S-ICD suitable for some patients who have had device infections

7th January 2016

Subcutaneous internal defibrillators (S-ICDs) are a suitable alternative for some people who have had to have their conventional ICDs removed, including for infection problems.

That is the conclusion of a study from a team of international experts, including Dr Pier Lambiase from the Barts Heart Centre in London.

ICDs are given to people thought to be at risk of a life-threatening heart rhythm as they can shock the heart back into a normal rhythm.

But unlike a conventional ICD, the S-ICD does not have leads going into the heart. Because of this it is unable to pace the heart if the heart rate becomes too slow. So it is only suitable for people who show no evidence of heart failure and have no need for a pacemaker.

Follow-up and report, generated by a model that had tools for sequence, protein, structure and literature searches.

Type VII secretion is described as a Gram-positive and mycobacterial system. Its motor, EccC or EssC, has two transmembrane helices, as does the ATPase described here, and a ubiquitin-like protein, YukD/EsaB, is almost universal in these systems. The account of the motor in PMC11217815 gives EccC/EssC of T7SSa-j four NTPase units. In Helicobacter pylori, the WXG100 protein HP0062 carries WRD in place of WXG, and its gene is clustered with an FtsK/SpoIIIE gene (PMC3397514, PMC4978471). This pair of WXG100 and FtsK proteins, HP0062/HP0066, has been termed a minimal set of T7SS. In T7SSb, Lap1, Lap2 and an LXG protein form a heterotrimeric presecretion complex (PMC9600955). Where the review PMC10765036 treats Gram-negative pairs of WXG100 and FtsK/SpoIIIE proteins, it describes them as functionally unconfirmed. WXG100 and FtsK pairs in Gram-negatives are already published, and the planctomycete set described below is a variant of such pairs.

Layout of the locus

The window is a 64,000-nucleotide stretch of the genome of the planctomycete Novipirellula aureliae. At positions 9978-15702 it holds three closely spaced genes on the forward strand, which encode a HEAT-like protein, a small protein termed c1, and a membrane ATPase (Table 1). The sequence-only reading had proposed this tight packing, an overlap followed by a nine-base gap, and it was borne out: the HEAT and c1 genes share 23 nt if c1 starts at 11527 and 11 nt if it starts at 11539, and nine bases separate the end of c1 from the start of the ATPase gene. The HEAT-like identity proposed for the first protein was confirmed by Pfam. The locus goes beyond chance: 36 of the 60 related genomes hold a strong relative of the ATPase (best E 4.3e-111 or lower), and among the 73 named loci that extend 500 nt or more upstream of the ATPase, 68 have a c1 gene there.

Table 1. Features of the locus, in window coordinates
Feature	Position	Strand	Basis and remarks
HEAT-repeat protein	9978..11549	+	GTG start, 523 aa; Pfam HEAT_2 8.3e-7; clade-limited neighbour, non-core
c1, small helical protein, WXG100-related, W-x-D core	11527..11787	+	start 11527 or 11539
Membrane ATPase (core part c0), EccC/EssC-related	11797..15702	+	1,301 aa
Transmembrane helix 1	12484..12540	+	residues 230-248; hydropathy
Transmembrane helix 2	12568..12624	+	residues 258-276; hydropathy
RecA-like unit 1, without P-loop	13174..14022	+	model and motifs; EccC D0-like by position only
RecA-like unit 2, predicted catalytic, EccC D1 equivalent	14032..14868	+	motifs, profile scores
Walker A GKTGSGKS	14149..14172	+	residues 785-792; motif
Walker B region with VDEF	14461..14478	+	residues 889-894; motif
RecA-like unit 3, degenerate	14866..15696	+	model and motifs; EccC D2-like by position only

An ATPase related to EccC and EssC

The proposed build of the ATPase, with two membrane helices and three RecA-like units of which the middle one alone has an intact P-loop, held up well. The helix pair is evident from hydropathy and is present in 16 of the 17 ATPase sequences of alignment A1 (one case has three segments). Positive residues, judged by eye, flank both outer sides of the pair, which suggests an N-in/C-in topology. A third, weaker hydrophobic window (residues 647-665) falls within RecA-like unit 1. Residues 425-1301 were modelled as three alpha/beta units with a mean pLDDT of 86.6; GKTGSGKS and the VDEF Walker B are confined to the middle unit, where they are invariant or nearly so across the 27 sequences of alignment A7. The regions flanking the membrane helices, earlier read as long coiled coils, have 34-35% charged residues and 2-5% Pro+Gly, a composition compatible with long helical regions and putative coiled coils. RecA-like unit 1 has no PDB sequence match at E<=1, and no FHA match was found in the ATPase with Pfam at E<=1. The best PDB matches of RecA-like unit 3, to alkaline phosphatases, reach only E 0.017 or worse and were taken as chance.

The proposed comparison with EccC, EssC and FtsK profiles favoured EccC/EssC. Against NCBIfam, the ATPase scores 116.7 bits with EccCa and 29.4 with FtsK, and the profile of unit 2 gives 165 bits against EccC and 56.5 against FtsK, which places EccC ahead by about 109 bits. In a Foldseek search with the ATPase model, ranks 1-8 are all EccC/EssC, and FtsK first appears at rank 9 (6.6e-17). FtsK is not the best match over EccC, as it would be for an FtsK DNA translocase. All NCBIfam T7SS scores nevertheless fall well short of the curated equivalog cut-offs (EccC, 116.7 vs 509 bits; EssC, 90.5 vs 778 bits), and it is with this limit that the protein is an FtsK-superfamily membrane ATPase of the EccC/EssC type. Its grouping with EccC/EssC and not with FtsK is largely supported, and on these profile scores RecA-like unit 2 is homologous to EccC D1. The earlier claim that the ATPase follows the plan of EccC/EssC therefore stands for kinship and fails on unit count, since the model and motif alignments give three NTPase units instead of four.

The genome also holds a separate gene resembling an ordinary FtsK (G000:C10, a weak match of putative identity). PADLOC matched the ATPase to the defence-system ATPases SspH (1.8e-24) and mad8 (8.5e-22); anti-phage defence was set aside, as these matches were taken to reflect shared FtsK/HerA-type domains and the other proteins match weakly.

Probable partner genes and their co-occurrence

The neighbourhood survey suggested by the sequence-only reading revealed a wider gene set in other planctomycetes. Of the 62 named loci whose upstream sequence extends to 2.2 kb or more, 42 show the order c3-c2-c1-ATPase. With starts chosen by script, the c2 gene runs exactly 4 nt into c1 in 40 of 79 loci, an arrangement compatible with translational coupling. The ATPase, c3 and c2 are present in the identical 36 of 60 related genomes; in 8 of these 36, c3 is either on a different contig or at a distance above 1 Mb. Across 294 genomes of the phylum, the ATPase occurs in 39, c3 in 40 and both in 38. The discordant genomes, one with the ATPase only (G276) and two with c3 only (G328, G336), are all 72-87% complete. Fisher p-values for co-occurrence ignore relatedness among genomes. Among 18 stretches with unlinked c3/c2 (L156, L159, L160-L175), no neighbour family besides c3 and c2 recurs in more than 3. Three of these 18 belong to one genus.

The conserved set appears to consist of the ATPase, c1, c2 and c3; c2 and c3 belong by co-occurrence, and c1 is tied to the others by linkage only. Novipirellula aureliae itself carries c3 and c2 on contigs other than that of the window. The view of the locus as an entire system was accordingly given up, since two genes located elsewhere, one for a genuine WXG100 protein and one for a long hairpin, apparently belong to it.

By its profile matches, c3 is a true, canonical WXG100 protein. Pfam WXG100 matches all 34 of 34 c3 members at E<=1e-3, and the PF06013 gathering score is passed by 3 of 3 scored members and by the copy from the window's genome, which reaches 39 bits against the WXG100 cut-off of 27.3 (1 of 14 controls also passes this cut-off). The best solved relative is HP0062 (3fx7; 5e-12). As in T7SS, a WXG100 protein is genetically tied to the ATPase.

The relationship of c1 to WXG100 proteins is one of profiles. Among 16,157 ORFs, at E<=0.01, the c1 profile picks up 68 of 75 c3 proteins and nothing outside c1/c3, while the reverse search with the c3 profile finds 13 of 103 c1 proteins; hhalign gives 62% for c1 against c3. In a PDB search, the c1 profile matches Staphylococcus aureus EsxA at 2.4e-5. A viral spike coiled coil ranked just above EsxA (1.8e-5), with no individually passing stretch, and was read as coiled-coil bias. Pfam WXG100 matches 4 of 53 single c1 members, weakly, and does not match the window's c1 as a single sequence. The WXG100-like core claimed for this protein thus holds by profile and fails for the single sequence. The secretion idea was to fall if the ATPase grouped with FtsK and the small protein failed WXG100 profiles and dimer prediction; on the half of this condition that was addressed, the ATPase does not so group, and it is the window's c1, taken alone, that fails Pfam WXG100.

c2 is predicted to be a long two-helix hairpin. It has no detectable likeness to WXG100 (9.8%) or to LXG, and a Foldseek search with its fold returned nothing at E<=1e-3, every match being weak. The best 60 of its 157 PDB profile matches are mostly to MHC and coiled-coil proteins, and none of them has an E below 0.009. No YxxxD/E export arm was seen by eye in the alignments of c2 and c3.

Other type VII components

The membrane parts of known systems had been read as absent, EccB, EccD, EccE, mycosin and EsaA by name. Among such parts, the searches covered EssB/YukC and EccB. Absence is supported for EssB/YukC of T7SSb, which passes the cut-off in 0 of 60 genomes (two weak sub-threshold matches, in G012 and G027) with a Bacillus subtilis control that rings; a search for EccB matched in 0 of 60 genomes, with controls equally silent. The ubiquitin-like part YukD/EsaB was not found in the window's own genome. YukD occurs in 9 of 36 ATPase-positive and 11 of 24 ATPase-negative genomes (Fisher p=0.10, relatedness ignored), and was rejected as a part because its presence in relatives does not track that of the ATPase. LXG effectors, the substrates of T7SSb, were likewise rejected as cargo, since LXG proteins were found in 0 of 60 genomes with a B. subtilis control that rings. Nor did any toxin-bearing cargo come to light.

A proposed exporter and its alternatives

Because the leads are outside the heart, complications that can occur with conventional ICDs leads, such as infections are reduced.

The researchers were looking at how safe an S-ICD was for people after having their conventional ICDs taken out.

Patients were divided into three groups: those who had had their conventional ICD taken out for infection problems, those who had had the device taken out for others reasons, and those who had not previously had an ICD.

After nearly two years, major infection after S-ICD implantation was low in all groups, with no evidence that patients who had had their previous ICD removed because of infection were more likely to experience a subsequent reinfection.

The researchers concluded that in suitable patients an S-ICD was a viable alternative for patients whose conventional devices had been taken out for any reason. Risk of infection remained low.

Ref: Infection and mortality after implantation of a subcutaneous ICD after transvenous ICD extraction.